Benchmarking Ceph on a Two Node Proxmox Cluster

Benchmarking Ceph on a Two Node Proxmox Cluster

It is inadvisable to run Ceph on two nodes! That said I’ve been using a two node Ceph cluster as my primary data store for several weeks now.

In this post we look at the relative read and write performance of replicated and non-replicated Ceph pools using Rados Bench and from VM Guests using various backends. We’ll start with the results – the details of how we generated them are included after the break.

We’ll begin by exploring the impact of pool redundancy on performance using rados bench, but first we must disable scrubbing for the duration of the tests. There were several Ceph RBDs passed through to a handful of VMs during these tests, but they should have experienced negligible use.

[email protected]:$ ceph osd set noscrub && ceph osd set nodeep-scrub

My OSD tree is as following:

[email protected]:$ ceph osd tree
ID WEIGHT TYPE NAME UP/DOWN REWEIGHT PRIMARY-AFFINITY
-1 26.31421 root default
-2 12.69534 host proxdave
0 0.44969 osd.0 up 1.00000 1.00000
1 0.44969 osd.1 up 1.00000 1.00000
2 0.44969 osd.2 up 1.00000 1.00000
5 0.44969 osd.5 up 1.00000 1.00000
6 1.81360 osd.6 up 1.00000 1.00000
9 4.54149 osd.9 up 1.00000 1.00000
10 4.54149 osd.10 up 1.00000 1.00000
-3 13.61887 host superdave
3 2.72279 osd.3 up 1.00000 1.00000
8 1.81360 osd.8 up 1.00000 1.00000
11 2.72279 osd.11 up 1.00000 1.00000
12 3.63199 osd.12 up 1.00000 1.00000
4 2.72769 osd.4 up 1.00000 1.00000

As you can see I have a random assortment of disks ranging from 500GB to 5TB. Each OSD was roughly 50% full at the time of these tests. For the purposes of Ceph my Proxmox nodes are linked by a single 10GbE DAC cable (with SolarFlare NICs if that matters).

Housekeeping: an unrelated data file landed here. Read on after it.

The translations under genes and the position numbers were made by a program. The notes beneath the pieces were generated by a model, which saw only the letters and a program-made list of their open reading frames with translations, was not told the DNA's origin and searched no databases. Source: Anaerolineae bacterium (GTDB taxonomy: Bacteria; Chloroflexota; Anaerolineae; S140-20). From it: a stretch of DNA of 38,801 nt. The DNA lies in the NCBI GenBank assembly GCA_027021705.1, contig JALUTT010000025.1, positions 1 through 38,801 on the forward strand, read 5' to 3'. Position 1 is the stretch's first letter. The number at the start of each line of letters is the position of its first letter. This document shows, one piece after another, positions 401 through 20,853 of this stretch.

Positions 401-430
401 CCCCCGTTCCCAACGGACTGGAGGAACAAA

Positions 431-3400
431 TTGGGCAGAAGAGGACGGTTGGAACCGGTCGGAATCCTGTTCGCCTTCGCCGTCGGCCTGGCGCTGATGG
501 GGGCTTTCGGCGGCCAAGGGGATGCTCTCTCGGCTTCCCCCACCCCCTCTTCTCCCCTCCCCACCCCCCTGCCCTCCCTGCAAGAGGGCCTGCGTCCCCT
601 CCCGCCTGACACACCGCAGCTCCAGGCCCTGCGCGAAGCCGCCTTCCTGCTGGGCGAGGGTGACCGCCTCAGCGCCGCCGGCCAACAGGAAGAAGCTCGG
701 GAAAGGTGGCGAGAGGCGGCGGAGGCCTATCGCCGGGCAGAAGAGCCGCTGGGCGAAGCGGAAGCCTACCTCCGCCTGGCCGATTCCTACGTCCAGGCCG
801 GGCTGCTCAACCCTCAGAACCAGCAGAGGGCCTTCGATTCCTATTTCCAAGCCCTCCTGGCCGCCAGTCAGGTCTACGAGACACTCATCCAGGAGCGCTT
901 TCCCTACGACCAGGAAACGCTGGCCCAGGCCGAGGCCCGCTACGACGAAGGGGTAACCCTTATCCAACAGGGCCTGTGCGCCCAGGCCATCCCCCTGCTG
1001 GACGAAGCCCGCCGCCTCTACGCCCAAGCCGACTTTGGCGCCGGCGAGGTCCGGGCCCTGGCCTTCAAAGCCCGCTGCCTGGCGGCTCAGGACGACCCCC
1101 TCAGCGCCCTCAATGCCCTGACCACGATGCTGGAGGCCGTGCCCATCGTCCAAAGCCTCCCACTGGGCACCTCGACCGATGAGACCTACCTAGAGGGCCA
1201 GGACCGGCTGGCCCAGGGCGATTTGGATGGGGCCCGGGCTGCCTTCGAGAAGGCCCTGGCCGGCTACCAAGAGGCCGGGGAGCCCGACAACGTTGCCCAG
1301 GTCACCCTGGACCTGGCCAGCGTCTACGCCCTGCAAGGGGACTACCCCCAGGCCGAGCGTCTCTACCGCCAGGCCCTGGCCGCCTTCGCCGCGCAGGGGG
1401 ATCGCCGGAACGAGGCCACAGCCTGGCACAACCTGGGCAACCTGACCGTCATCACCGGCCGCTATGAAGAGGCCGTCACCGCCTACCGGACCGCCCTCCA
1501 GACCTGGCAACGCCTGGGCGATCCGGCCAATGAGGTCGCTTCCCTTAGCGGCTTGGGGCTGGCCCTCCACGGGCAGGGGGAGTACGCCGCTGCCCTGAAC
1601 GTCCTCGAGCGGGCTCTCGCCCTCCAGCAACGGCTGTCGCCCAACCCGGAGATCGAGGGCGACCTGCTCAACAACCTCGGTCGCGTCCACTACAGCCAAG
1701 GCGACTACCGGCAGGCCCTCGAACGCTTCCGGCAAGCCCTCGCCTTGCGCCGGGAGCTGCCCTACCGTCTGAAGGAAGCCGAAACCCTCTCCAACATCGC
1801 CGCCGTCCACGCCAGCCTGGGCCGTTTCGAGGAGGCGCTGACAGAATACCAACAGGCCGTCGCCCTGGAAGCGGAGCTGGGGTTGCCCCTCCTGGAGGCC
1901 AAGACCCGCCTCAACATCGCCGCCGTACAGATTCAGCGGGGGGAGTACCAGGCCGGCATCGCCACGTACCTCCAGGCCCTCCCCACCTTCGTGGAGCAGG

First let’s test the replicated pool.

[email protected]:$ rados bench -p rados_bench_2 30 write --no-cleanup
Total time run: 30.608952
Total writes made: 871
Write size: 4194304
Object size: 4194304
Bandwidth (MB/sec): 113.823
Stddev Bandwidth: 19.4471
Max bandwidth (MB/sec): 152
Min bandwidth (MB/sec): 76
Average IOPS: 28
Stddev IOPS: 4
Max IOPS: 38
Min IOPS: 19
Average Latency(s): 0.561979
Stddev Latency(s): 0.156564
Max latency(s): 1.28033
Min latency(s): 0.188836

Not earth shattering, but not terrible. I used iftop to monitor peak traffic on the 10GbE link and it peaked at 1.2Gb/s.

Next we’ll test the un-replicated pool. I would expect this to be a lot faster.

[email protected]:$ rados bench -p rados_bench_1 30 write --no-cleanup
Total time run: 30.300715
Total writes made: 1544
Write size: 4194304
Object size: 4194304
Bandwidth (MB/sec): 203.824
Stddev Bandwidth: 31.079
Max bandwidth (MB/sec): 260
Min bandwidth (MB/sec): 148
Average IOPS: 50
Stddev IOPS: 7
Max IOPS: 65
Min IOPS: 37
Average Latency(s): 0.313471
Stddev Latency(s): 0.247869
Max latency(s): 1.35251
Min latency(s): 0.0353862

Pretty good! Not quite double the replicated pools performance. Interesting to note that while the minimum latency is five times lower than the replicated pool, the average latency is much closer. I expected traffic on the 10GbE link to be quite a bit lower, but it still peaked at an identical 1.2Gb/s.